ONGCs output stagnates even as reserves rise

Written by Pranav Nambiar | New Delhi | Updated: Oct 28 2013, 08:16am hrs
Despite good accretion to reserves year after year, public-sector ONGC is finding itself in the quagmire of stagnant production, primarily because major discoveries are held up in deep-water blocks.

Since new discoveries have come on stream slower than it wanted, producing fields are being tapped with aggression, forcing their quick march to exhaustion.

The reserve-replacement ratio has been greater than 1 since 2005-06, indicating that the discovered resources more than replaces production in any particular year; it went as high as 1.84 in 2012-13. Yet, the production numbers have hovered around the 51-53 tonnes of oil equivalent (mtoe) band.

ONGC officials say that major discoveries are held up in deep-water blocks where the company holds limited production expertise. Weak product management practices have also contributed to stagnation in production. Around 75% of ONGCs production now comes from just 15 fields.

Of course, it is aware of the need to augment output. It pins a lot of hope on rich gas fields particularly in the Krishna-Godavari Basin (KG-DWN-98/2), Daman and Mahanadi and the oil reserves in the D1 block in the Mumbai offshore field. ONGC recently appointed BCG to enhance its project management practices.

ONGC has more than 50 % of the total NELP exploration acreage allotted, of which, around 66% acreage is in high-potential-deep water fields. Since 2004, ONGC has drilled over 100 deep-water wells and discovered hydrocarbons in water depths of 3,000 feet feet in environmentally and logistically difficult areas off the east and west coasts. This ranges ranging from Gujarat offshore to Mahanadi and the KG Basin offshore and Andaman offshore. Out of these, around 25 wells have been drilled in water depths of 5,000-7,500 feet and 16 wells in water depths of 7,500-10,000 feet.

The company's most prospective block is KG DWN 98/2 with around 4.85 trillion cubic feet in-place gas reserves and 100 million tonnes of in-place oil reserves. The water depth ranges from 594 metres to 2,841 metres in the block. The block has been marred by delays and attempts at inviting foreign partners have not materialised. Other prospective blocks like MDW-13 (gas) in the deep-water Mahanadi offshore and ANDW-1 (gas) in deep-water Andaman offshore fields are challenging to produce from, say ONGC officials.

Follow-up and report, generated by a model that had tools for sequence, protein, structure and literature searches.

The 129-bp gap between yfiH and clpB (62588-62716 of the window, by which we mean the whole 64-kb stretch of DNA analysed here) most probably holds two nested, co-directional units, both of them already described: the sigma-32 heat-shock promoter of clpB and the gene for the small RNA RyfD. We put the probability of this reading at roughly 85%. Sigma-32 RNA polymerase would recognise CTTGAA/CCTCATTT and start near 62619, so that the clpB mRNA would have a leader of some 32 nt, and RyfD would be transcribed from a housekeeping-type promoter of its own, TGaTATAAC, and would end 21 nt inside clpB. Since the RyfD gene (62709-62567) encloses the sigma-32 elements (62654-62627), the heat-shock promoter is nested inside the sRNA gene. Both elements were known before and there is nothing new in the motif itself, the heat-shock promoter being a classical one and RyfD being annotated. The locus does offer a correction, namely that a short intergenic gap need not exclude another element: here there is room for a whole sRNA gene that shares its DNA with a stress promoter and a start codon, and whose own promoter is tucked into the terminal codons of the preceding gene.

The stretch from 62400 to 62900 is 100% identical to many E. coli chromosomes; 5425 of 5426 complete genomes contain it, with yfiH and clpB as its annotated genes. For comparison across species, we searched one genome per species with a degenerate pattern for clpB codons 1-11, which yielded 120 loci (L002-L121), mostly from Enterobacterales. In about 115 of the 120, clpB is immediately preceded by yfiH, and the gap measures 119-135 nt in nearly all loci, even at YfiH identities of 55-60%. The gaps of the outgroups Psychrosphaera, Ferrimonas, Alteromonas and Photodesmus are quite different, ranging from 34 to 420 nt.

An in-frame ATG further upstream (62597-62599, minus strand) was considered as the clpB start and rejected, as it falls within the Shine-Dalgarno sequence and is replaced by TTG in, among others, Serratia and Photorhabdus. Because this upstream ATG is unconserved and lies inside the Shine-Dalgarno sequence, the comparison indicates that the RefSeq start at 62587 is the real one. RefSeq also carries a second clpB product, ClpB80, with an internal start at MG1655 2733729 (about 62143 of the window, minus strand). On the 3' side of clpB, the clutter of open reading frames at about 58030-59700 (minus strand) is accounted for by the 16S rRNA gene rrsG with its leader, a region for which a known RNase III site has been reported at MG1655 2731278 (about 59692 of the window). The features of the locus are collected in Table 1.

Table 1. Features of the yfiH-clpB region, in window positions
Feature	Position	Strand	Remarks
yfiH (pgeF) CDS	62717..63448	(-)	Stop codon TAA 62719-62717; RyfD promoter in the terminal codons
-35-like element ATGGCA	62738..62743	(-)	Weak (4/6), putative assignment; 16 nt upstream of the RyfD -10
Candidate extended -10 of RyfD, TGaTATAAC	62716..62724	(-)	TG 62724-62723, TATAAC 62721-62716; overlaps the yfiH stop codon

Around 200-300 million mtoe of in-place reserves are trapped in high-pressures (HP) or high-temperature zones or tight reservoirs. ONGC has created a Centre of Delivery for HP/HT zones in Chennai, because the major fields are identified in the KG Basin and three in the Cauvery basin.

A June 2013 report by Barclays Equity Research notes that ONGC has missed production targets for the last five years due to endemic project delays with its 40 large projects costing $14 billion running 22 months late on average. The report adds: We expect further delays; for example, the 13 projects that ONGC expects to come on stream by end FY14 were only 55-96% complete on March 2013.

Some of the new projects that faced delays includes the B-193 cluster, cluster-7, C-series, G-1, GS-15, etc. Improvised oil recovery/enhanced oil recovery programmes like those at Geleki in Assam and Rudrasagar in Tripura have also been impacted by project delays. Redevelopments like Mehsana and Ankleshwar have also been hit be delays.

ONGC chairman Sudhir Vasudeva told FE in a recent interview that current production includes fields which ONGC started off with including Ankleshwar and Rudrasagar (where production started way back in 1961. Mumbai High which was discovered in 1974 and started production from 1976, is still producing, he added.

These war horses are also depleting with every subsequent dose of investment IOR/EOR schemes. For instance, "In the first phase of Mumbai redevelopment we invested about Rs 8,000 crore and we got 57 million tonnes (mt) of oil and 16 billion cubic metres (bcm) of gas. In the second phase we have invested about Rs 16,000 crore getting 36 mt of oil and 6 bcm of gas and in the third phase, which is on the drawing board, we may again end up spending about Rs 16,000 crore but the incremental production will be about 18-20 mt," Vasudeva said.

However, Vasudeva noted that in the next few years ONGC's prospects look more promising as gas fields particularly in the KG Basin, Daman and Mahanadi will come on stream. These blocks will take gas production from 65 million metric standard cubic metres per day (mmscmd) today to 100 mmscmd in 2017-18. In addition, Vasistha and S-1 will be developed in an integrated manner and come on stream by 2015. While fields like the B-22 cluster, B-46 cluster, C-series, etc, have already come on stream, albeit a little delayed.

However, apart from the few large prospects like the KG Basin and Daman fields, ONGC will continue to rely on producing from the ageing fields as well as small and marginal fields that will taper off in a few years.

In deep waters

* Major finds held up in deep-water blocks where it has limited expertise

* Producing fields tapped with aggression, forcing quick march to exhaustion

* Around 75% of ONGCs production now comes from just 15 fields